Principals as bullies

Principals as bullies

Even the smallest school principal is responsible for the welfare of children and staff, as well as having control for large and very valuable materials, equipment and building. It’s a job of immense responsibility and I don’t envy the duty and burden of care that weighs on our average high school principal. I’ve worked for 6 or 7 principals in my time, from a range of different systems and with a range of different qualifications. I’ve worked for both men and women, both new and experienced principals. In addition, in other capacities, including my most recent work with the union, I’ve met a lot of other principals, too, in a professional capacity.

And what have I found? Just like there is research suggesting that it helps to be a corporate psychopath if you want to be a CEO, I think it helps to be a bully if you want to be a principal. Or perhaps the job attracts bullies. Of course, I am not saying that every principal is a bully – that would be ridiculous. I’m not even saying that every principal that I’ve worked for is a bully – I’ve had the good fortune to work with some principals who were both excellent educational leaders and administrators, but thoroughly decent and humane human beings.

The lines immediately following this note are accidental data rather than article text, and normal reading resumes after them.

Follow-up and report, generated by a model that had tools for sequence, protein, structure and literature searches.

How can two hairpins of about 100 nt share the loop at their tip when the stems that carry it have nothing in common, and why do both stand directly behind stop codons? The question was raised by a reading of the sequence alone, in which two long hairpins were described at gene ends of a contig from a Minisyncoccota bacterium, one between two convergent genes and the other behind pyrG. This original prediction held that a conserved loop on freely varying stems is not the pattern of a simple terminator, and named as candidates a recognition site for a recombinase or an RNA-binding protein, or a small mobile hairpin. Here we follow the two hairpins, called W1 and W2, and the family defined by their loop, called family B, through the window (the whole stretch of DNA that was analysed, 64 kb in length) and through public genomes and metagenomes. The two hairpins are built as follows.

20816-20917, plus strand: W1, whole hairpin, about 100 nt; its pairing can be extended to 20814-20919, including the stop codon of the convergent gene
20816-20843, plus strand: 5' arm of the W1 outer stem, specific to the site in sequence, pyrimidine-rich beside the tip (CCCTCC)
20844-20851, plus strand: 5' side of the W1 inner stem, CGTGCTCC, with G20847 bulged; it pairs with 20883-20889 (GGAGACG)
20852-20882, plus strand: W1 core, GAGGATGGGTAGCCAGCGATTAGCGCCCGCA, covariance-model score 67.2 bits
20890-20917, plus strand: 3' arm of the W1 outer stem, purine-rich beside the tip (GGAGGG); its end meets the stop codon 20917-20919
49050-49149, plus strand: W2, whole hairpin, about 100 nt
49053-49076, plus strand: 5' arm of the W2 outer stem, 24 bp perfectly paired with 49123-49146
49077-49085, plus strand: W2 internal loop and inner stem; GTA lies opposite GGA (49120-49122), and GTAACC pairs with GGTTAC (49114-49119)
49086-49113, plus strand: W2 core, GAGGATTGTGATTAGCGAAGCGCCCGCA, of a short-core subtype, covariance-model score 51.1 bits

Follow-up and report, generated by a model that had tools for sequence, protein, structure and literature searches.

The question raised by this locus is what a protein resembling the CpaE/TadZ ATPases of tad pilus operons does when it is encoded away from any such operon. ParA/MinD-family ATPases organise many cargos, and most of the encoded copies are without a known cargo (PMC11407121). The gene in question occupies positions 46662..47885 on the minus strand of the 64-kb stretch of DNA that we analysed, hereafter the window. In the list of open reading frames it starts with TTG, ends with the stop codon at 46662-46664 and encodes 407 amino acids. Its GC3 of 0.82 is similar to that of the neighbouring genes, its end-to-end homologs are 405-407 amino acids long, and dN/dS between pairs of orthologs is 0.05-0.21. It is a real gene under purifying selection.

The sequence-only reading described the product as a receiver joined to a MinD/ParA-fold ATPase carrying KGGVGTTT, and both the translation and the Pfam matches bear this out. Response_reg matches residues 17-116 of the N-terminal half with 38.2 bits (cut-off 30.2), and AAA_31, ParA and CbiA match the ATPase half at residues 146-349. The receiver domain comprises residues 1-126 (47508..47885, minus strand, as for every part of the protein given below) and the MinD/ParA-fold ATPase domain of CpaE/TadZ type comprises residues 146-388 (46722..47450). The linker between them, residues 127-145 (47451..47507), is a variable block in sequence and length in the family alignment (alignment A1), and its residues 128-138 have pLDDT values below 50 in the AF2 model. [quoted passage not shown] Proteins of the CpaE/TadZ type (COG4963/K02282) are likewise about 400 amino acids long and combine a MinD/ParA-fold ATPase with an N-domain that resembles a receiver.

But not all of them. I’ve also worked with, and seen others, who seem to feel that the only way they have to manage people is by bullying them. These principal-bullies single out staff members for continued, sustained abuse, feeling that they can hide behind the structures put into place by a system that does little to realise the damage it is inflicting upon its human capital. They try to drive teachers and other staff members out of their school if they feel that they are underperforming. Or if their results are not good enough. Or if they want part time work. Or for any one of another thousand reasons that are completely unreasonable. Like I said, I’ve seen it happen.

But my question is why? Are we so bereft of leadership, at a systemic and school level, that this is what passes for it? Are we so lacking in vision that we are unable to see that such actions are inevitably short-sighted and self-defeating? Or is the matter more complicated than that, and ultimately what we are seeing is not a cause, but a symptom: a symptom of the fact that principals are being held to such ridiculous expectations and treated with such a lack of respect by the system in which the work?